Catholic pilgrimage ends in Christchurch
Motorists slowed to watch a group of students carry a four-metre crucifix through central Christchurch on Friday afternoon, marking the end of a South Island pilgrimage and the start of World Youth Day.
Students from St Bede's walked the length of Barbadoes St carrying the cross, built from timber salvaged from the earthquake-damaged Cathedral of the Blessed Sacrament, to the grounds of Catholic Cathedral College, the last stop after visiting 11 South Island Catholic colleges.
They joined 170 Catholic school students at Catholic Cathedral College who had gathered to stage a Kiwi version of World Youth Day, a global youth event organised by the Catholic church.
Event organiser Abina Pope said World Youth Day was "an opportunity for students of the same age to come together, share ideas and listen to various members of religious organisations".
Students from across the South Island were invited to attend the weekend-long event, where activities included volunteer work at the City Mission, a barbecue on Saturday night and a disco held at the Catholic Cathedral College.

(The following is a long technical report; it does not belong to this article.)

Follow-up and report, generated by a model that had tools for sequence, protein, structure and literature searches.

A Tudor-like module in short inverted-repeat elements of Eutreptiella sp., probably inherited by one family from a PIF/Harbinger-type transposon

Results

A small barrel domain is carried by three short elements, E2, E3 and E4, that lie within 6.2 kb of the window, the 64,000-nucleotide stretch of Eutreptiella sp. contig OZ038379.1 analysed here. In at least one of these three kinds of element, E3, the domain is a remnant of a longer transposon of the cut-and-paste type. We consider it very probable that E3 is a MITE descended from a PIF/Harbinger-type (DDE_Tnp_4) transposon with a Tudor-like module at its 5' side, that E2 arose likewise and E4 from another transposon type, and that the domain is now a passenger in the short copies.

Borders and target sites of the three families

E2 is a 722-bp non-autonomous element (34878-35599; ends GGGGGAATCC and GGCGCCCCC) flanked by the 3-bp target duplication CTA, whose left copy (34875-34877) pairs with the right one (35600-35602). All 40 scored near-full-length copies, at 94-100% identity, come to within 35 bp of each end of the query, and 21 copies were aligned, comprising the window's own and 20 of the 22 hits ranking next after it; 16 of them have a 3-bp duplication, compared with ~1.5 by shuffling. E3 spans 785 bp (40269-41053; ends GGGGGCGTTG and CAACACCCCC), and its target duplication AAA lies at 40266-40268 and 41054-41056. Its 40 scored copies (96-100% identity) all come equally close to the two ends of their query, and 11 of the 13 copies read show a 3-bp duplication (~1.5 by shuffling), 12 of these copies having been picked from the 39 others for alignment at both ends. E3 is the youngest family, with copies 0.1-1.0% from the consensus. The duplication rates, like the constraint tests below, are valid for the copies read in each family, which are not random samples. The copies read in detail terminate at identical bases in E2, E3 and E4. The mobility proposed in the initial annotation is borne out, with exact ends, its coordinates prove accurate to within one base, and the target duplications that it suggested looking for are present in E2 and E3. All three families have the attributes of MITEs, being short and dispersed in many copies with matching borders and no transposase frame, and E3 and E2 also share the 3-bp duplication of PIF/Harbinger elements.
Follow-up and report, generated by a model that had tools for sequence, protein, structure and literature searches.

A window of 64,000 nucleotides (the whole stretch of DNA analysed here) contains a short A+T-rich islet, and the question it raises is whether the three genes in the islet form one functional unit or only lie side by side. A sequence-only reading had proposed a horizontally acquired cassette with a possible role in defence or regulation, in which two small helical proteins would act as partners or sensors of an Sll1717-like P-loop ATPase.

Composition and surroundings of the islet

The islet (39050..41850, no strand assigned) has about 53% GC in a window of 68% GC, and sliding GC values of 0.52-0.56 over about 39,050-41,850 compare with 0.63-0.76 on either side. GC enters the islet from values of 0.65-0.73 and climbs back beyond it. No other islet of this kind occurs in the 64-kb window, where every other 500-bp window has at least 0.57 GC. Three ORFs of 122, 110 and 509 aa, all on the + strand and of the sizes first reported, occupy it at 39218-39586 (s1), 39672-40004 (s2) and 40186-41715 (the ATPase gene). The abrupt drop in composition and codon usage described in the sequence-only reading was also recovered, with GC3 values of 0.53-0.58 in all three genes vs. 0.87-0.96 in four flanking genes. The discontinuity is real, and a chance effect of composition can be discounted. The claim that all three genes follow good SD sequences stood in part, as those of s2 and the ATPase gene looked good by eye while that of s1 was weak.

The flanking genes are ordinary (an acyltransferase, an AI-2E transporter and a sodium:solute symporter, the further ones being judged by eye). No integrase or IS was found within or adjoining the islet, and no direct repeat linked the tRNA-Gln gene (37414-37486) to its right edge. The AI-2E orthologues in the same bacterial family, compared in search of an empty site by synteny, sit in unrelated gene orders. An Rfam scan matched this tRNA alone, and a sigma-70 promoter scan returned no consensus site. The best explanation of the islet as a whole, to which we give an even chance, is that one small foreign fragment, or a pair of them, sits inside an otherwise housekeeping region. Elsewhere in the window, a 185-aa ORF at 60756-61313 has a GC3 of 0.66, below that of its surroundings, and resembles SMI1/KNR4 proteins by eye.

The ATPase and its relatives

Hosting rights of the global World Youth Day rotated annually, with festivities this year based in Krakow, Poland, where Catholics by the hundreds of thousands had gathered.
Pope Francis arrived at the event on Friday and called for attendees to help "alleviate the suffering" of refugees from war-torn countries.
A crucifix was carried across Europe to all attending countries before returning to Poland, something organisers in Christchurch wanted to mirror.
Students will walk an inter-faith pilgrimage through Christchurch on Sunday, visiting religious locations across the city including the Transitional Cathedral on Hereford St.
"On Sunday night they'll live stream the papal mass from Poland," Pope said.
"Then we'll place the cross inside the perimeter of the Cathedral of the Blessed Sacrament to assure the people of Canterbury we are strong in our faith and we will rebuild."